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He Could Go 'All The Way': Joe Namath Enters His 4th Quarter

May 22, 2019
Originally published on May 22, 2019 10:26 am

Super Bowl III, 1969: The New York Jets were playing the mighty Baltimore Colts. Nobody predicted the Jets would win. Well, except for Jets quarterback Joe Namath, who did more than predict a victory. "I guarantee it," he said before the game.

Fifty years later, his legacy is still tied up in those three words.

"I think that particular game, even though we're talking 50 years ago, man, anyone that was around then or checks out the history says, 'Hey wait, we can do it. You know, we can overcome these odds. I can do this,' " Namath says. "I'm respectful of that because I know, like life, it's not a one-man show. Life is a team effort. Having failure or having success — if you didn't have someone to share either one with, or those different emotions we have, where would we be? I like private time, but I don't want to feel alone."

Namath, who turns 76 at the end of the month, writes about the ups and downs of his life in a new book called All the Way: My Life in Four Quarters. In an interview, he talks about the Suzy Kolber incident, football's health risks and entering his fourth quarter in life.


Interview Highlights

On the 2003 sideline interview where, when inebriated, he told ESPN's Suzy Kolber: "I want to kiss you"

I went through the process many times of reflecting on not just that moment, but how I got there. We drank, I drank, and at that time I was addicted to it. I have to admit that it's an addiction. I wouldn't be alive today had that incident not occurred, possibly. But Suzy was a beautiful girl in my eyes, and sometimes when you're under the influence of alcohol — maybe some other things I'm not sure about — then your inhibitions kind of wan and you say what's on your mind. ...

I can remember driving under the influence of alcohol, and by the grace of God, man, damn good luck, I didn't hurt somebody. I can remember times I was behind the wheel and I was trying to get between Commercial and Oakland Park Boulevard in Fort Lauderdale — and I was in Miami. They call it a blackout. And here I was driving a car. ...

Whenever I found out about [the sideline incident], which wasn't until the next day, Suzy was the first person that I called and talked with. Boy. And then I went and got help.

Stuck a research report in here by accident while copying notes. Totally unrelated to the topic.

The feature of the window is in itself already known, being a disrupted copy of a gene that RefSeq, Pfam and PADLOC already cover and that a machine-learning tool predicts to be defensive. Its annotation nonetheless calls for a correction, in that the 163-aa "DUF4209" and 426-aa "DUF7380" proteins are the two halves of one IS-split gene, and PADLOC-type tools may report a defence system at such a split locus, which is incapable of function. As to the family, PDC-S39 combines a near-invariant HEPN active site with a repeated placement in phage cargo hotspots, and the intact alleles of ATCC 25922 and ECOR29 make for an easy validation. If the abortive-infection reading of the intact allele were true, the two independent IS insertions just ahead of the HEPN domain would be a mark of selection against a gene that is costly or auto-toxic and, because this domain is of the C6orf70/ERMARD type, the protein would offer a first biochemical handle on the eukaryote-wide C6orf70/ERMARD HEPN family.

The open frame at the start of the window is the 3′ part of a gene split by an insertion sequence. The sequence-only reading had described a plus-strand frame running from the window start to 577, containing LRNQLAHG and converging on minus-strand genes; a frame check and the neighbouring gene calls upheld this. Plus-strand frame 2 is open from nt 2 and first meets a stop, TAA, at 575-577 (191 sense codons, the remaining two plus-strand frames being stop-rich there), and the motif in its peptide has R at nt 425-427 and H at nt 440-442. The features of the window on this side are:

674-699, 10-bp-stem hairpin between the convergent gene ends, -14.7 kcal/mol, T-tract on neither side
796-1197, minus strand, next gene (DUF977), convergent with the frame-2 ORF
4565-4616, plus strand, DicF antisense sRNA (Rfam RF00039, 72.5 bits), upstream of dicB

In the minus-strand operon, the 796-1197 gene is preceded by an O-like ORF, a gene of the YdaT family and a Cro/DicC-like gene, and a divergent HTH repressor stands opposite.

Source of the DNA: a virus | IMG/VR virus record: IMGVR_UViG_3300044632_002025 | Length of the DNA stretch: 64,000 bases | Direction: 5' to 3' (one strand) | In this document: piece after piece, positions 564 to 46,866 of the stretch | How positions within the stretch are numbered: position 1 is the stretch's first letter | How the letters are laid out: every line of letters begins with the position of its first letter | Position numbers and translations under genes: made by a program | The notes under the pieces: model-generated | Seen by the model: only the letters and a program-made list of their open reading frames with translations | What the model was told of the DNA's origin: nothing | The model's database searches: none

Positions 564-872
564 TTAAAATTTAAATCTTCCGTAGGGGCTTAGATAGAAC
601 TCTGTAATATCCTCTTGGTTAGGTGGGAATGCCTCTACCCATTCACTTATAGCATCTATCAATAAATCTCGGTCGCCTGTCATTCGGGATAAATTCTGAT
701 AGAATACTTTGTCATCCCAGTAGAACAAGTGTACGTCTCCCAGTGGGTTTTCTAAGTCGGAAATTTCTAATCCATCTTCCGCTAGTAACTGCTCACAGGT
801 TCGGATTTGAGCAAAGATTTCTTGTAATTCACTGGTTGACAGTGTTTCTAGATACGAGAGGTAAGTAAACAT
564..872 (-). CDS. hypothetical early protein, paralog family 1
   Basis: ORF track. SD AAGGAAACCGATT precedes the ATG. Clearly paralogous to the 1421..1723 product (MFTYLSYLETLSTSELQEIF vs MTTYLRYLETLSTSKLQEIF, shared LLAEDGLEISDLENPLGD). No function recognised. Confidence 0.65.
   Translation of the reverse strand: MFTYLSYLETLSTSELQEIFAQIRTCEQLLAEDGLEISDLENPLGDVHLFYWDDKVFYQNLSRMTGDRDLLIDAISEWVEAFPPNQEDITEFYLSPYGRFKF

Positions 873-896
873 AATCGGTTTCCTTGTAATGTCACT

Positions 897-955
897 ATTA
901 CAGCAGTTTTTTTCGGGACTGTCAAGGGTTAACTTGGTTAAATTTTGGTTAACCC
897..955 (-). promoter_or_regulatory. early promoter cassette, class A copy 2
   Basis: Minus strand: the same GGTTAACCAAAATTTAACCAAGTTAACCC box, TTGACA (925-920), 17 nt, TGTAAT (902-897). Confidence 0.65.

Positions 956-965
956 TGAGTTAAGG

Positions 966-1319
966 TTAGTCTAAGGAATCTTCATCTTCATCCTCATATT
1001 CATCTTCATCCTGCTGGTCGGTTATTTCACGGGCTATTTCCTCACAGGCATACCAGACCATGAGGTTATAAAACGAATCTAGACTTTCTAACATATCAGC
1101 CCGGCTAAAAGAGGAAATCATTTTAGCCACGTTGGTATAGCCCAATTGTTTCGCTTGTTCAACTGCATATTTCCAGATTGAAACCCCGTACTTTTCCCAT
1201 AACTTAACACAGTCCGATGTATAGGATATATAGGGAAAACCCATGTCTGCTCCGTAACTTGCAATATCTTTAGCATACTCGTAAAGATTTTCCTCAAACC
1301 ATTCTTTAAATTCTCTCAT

On if he would play football knowing what he knows now about concussions and traumatic brain injury

I don't know. It's a question that I can't answer, but I've been asked ... if I had children, and I do have grandchildren, but: "If I had a child that wants to play football, would you let him?" Yeah, I'd let him to some extent. But football definitely is a sport that the body's not designed for, whether it be your knees, your ankles, your shoulders, your neck, your spine. Not everybody can play football. ...

I don't believe putting limitations on anybody is the right route to take. You could be a ballerina and your feet could be hurting you so many days of the year for the rest of your 30, 40, 50 years, man. You do that much dancing on those feet, and your back, you're going to come up with something down the road. Do you tell her not to be a ballerina? Do you tell her not to dance because her back is going to be bothering her 20 years from now? If they have a passion, and they're willing to pay the price to excel and make their dreams come true, it's — I'd have to be there, man, before I could say, "No, you can't do that." I wouldn't dare say that, and I couldn't see myself doing that.

On structuring his memoirs in four quarters, like a football game

I remember when I was getting ready to turn 50, a buddy had came up, or was busting my chops. He said, "Man, you going to be 50! You're old!" And I started thinking, "Damn, old?" I didn't feel old. And I started to think about my people, and how long my mother was living, and how long my dad lasted, and I decided to make a plan at 50. I plan to live to 100. Now, it might not work. ...

Fifty was halftime, man. And you've seen — I've seen a lot of games won and lost in the third and fourth quarter. I don't want to go out on a bad note. I want to keep growing, being productive, keep learning and keep loving, man. I want to be a positive dude the rest of the way.

Danny Hajek and Jessica Smith produced and edited this interview for broadcast. Patrick Jarenwattananon adapted it for the Web.

Copyright 2019 NPR. To see more, visit https://www.npr.org.

DAVID GREENE, HOST:

You can't really ever say, this moment was the greatest moment in sports. But Super Bowl III, in 1969, has got to be up there. The New York Jets were playing the mighty Baltimore Colts. Nobody predicted the Jets would win. Well, except for Jets quarterback Joe Namath.

(SOUNDBITE OF ARCHIVED RECORDING)

CURT GOWDY: Namath has not been bashful this week, and he has said that the Jets are going to win. He doesn't even predict it. He says, I guarantee a Jet victory.

GREENE: Do you like that so much of your life is associated with those three words? - I guarantee it.

JOE NAMATH: I respect it. I think that particular game, even though we're talking 50 years ago, man - anyone that was around then or checks out the history says, hey. Wait. We can do it. You know, we can overcome these odds. I can do this.

(SOUNDBITE OF ARCHIVED RECORDING)